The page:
Microsoft Office Tutorials and References
In Depth Information
4 Changing Workbook
In this chapter, you will learn how to
Format cells.
Define styles.
Apply workbook themes and Excel table styles.
Make numbers easier to read.
Change the appearance of data based on its value.
Add images to worksheets.
Entering data into a workbook efficiently saves you time, but you must also ensure
that your data is easy to read. Microsoft Excel 2010 gives you a wide variety of ways
to make your data easier to understand; for example, you can change the font, character
size, or color used to present a cell’s contents. Changing how data appears on a
worksheet helps set the contents of a cell apart from the contents of surrounding cells. The
simplest example of that concept is a data label. If a column on your worksheet contains
a list of days, you can easily set apart a label (for example, Day ) by presenting it in bold
type that’s noticeably larger than the type used to present the data to which it refers. To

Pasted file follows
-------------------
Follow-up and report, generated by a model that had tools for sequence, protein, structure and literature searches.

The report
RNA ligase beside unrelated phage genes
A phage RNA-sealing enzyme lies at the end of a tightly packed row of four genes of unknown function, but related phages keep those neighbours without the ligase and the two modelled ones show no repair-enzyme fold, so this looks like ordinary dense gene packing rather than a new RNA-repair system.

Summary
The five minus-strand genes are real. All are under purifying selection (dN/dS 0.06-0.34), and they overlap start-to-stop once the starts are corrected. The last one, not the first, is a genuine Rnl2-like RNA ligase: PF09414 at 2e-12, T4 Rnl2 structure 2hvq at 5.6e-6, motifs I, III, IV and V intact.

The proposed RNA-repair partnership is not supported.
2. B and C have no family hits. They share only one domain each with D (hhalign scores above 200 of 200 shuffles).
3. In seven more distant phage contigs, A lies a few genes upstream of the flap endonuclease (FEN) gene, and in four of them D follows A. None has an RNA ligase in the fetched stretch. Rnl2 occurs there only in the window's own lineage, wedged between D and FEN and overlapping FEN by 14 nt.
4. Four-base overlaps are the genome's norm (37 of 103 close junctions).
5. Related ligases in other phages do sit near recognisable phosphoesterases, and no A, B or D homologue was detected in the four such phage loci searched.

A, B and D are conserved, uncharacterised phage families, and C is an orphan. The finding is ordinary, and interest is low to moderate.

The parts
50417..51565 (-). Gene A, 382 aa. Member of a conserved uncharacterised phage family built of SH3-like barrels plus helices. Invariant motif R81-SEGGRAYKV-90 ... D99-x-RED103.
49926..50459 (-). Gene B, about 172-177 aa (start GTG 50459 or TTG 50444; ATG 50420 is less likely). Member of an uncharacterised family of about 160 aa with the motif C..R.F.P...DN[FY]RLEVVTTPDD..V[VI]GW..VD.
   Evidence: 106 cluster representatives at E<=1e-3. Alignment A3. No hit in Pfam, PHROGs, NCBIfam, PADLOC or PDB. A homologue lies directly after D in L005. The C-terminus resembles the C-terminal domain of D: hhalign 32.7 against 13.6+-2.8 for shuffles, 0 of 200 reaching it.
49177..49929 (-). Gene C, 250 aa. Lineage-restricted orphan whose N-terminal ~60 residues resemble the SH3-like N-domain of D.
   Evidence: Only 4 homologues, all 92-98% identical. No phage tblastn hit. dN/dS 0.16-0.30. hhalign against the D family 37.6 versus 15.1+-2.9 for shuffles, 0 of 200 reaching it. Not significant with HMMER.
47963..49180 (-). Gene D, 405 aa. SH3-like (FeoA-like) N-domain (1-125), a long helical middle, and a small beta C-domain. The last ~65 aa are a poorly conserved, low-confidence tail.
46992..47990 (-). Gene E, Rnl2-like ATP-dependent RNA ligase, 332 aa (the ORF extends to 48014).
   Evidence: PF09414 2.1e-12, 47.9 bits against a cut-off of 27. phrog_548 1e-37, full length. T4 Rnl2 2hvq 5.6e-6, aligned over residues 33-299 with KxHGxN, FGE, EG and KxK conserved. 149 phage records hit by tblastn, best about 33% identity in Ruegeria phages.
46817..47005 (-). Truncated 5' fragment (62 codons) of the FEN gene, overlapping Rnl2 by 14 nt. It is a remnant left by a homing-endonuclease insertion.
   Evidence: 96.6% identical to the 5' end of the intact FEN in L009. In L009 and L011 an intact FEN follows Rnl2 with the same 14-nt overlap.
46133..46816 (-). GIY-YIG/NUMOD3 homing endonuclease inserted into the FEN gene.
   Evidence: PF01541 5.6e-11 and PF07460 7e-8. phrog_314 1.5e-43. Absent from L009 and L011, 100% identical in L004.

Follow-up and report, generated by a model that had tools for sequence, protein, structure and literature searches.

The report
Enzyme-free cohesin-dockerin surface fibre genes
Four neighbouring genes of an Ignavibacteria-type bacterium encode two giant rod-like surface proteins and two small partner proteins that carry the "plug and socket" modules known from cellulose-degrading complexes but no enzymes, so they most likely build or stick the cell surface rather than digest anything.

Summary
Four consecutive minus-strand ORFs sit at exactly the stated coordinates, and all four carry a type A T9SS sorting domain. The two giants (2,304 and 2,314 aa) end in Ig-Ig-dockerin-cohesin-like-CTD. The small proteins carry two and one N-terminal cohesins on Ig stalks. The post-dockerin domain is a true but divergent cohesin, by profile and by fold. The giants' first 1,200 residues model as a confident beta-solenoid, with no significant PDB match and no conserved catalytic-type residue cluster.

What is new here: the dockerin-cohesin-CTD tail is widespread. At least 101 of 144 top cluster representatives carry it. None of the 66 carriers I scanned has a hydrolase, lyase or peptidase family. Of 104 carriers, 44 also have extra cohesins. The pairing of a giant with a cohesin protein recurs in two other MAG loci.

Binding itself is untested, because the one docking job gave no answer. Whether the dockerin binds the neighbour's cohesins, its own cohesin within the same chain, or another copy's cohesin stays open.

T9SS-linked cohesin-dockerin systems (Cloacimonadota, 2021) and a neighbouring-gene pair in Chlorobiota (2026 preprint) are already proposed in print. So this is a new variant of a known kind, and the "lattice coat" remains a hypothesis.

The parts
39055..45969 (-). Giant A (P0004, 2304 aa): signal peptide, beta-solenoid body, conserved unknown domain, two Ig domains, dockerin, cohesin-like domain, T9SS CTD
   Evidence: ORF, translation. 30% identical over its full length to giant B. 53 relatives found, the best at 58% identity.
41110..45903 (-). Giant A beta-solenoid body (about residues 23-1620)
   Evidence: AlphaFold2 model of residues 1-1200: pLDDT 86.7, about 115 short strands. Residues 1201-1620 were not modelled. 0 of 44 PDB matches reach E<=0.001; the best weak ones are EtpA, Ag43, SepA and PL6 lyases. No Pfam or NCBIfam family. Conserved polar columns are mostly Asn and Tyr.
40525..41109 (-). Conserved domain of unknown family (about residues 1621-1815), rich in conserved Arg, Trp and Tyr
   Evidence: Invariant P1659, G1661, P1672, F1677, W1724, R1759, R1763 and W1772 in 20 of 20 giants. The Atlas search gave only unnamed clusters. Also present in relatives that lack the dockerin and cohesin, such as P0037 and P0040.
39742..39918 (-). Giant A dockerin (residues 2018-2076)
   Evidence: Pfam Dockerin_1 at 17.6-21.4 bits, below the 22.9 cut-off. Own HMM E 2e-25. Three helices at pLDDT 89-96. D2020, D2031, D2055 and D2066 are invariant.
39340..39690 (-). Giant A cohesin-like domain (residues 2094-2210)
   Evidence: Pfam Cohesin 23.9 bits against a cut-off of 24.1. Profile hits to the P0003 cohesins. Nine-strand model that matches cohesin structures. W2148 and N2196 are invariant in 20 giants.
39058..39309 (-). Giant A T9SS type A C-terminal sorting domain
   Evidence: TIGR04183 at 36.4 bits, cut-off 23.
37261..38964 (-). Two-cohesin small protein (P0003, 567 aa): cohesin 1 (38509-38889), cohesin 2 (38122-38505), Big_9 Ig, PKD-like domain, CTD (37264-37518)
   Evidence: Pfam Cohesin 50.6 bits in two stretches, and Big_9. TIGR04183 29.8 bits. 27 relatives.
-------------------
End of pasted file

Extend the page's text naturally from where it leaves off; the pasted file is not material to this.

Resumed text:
save time, you can define a number of custom formats and then apply them quickly
to the desired cells.
You might also want to specially format a cell’s contents to reflect the value in that cell.
For example, Lori Penor, the chief operating officer of Consolidated Messenger, might
want to create a worksheet that displays the percentage of improperly delivered packages
from each regional distribution center. If that percentage exceeds a threshold, she could
have Excel display a red traffic light icon, indicating that the center’s performance is out
of tolerance and requires attention.
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